What is the best field in accounting to go into?
I want to be an accountant but I don't know what type of accountant I want to be. I plan on getting my CPA, but you have to have that for most accounting jobs. I like numbers and the order of things. #accountant #accounting
I'm glad you're already planning on pursuing your CPA! That's a great decision, and the fact that you already know that shows that you've already given this some thought.
In Public Accounting there are essentially three different lines of service:
- Tax - preparing tax returns, advising on tax planning strategies, usually works in the office
- Audit/Assurance - reviewing/auditing financials, usually works at the client site
- Advisory - advising on anything the company needs help with, usually works at the client site
I work in tax because I like solving problems, stability (i.e. primarily coming into the office, not travelling to different client sites all the time), and routine. By the nature of the work the same forms are used for many different clients so my knowledge is pretty transferrable, which I appreciate. I also prefer doing the work over reviewing someone else's work. For instance, I work on some Audits to assist with the audit of the tax provision and I don't like figuring out how they got to their numbers as much as I like calculating the numbers myself. Also, because of materiality levels, you don't always fix the mistakes you find, and as a detail-oriented person, I don't like that much. Tax is more definitive and black-and-white while Audit has a lot of gray areas, and I enjoy the certainty that comes with that.
Outside of public accounting there are of course many other areas. For instance, if you work for a company in industry, then you'd be preparing the books etc. There's also other specialty positions like forensic accountants that work with law enforcement, including the FBI, and governmental accountants that work with state and local governments, etc.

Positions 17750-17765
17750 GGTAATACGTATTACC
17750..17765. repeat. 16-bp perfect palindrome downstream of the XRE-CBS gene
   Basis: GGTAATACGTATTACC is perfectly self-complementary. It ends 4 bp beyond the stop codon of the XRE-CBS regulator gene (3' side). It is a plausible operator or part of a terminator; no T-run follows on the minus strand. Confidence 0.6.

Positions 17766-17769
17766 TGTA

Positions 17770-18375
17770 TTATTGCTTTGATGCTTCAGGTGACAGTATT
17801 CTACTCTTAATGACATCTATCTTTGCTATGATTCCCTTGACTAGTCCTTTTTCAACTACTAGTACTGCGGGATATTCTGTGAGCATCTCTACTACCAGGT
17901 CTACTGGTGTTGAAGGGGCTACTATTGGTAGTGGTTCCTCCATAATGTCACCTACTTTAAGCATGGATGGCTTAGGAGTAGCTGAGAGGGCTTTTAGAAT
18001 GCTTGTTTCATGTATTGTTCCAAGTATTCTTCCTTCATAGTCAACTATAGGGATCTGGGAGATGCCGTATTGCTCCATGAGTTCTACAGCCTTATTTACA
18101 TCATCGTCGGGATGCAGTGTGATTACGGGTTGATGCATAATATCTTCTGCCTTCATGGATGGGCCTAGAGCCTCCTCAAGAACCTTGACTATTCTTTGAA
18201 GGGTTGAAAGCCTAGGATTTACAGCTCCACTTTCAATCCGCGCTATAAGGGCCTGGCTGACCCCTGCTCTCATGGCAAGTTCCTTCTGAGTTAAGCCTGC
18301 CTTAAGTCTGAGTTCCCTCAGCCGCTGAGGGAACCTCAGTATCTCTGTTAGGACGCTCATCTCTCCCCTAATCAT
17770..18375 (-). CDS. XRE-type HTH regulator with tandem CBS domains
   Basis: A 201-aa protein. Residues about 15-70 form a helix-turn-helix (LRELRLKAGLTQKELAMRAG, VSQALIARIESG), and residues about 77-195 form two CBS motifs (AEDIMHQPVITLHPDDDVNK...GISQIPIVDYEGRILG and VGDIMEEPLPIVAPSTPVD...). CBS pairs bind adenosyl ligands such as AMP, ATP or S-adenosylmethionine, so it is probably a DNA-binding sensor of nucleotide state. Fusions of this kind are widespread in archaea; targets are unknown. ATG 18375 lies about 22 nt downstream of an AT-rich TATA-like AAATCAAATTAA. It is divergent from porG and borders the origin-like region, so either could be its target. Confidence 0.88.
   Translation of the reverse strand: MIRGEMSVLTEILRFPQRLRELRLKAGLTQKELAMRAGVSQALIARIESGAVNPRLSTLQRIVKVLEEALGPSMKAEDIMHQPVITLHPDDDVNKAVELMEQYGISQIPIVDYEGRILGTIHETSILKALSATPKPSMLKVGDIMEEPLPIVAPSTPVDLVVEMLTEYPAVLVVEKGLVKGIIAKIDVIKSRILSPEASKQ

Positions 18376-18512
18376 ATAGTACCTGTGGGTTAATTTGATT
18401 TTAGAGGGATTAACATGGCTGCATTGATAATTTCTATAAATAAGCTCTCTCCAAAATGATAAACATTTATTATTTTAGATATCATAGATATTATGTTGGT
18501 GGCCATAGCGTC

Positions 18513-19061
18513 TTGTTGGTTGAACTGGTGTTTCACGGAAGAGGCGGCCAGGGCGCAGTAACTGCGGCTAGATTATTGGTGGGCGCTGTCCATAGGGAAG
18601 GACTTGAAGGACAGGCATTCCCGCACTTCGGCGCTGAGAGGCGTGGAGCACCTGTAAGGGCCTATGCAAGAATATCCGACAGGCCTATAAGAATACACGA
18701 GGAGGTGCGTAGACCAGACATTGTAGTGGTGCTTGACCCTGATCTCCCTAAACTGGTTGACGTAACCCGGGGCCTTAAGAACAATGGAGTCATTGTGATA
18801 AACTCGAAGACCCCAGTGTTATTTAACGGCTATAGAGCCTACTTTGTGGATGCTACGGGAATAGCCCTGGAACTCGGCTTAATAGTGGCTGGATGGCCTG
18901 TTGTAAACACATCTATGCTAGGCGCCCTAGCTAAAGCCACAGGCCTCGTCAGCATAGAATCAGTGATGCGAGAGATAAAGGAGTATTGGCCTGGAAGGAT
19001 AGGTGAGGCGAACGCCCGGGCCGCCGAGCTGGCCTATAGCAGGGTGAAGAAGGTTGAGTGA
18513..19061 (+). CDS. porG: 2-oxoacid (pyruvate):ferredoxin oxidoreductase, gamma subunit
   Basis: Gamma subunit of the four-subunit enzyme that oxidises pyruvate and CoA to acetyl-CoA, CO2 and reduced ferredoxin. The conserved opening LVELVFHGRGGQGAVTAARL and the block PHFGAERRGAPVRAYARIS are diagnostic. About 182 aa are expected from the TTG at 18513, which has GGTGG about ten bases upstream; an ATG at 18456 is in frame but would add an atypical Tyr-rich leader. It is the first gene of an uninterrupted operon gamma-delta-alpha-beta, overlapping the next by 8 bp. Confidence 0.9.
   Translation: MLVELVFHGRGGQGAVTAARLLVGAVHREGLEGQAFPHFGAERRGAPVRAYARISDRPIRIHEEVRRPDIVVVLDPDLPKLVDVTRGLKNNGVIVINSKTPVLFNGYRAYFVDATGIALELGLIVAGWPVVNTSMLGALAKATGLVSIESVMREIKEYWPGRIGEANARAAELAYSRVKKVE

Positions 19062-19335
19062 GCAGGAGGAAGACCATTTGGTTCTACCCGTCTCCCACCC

There are a lot of different jobs you could do, and I hope this helps you understand some of the broad differences between them. If you think over what I suggest in the Next Steps below, it should help narrow your path. Also, it's usually not that difficult to switch Lines of Service or to switch from Public accounting to Private industry, etc. so you can always change your mind (when going for interview etc. though it's better if you have a preference and can explain why you want to work in a specific line of service).
Rachel recommends the following next steps:
This really depends on what piques your interest as there are a lot of friends.
My personal experience is working with nonpublic companies. What you're essentially doing is closing the books, which means you are the one doing account reconciliations, booking journal entries, A/R (invoicing/billing/collecting cash from customers), and A/P (paying your company's bills). So if you enjoy finding differences and making numbers balance, this wouldn't be a bad field. In addition, depending on your industry, you can work with a lot with operations/sales/marketing in their spend.
With public companies, you're doing the same thing but you have to follow SOX compliance, so there's a lot more hard deadlines and possibly more specialized depts because the companies are usually bigger. For example, one team for A/P and another for A/R or payroll etc.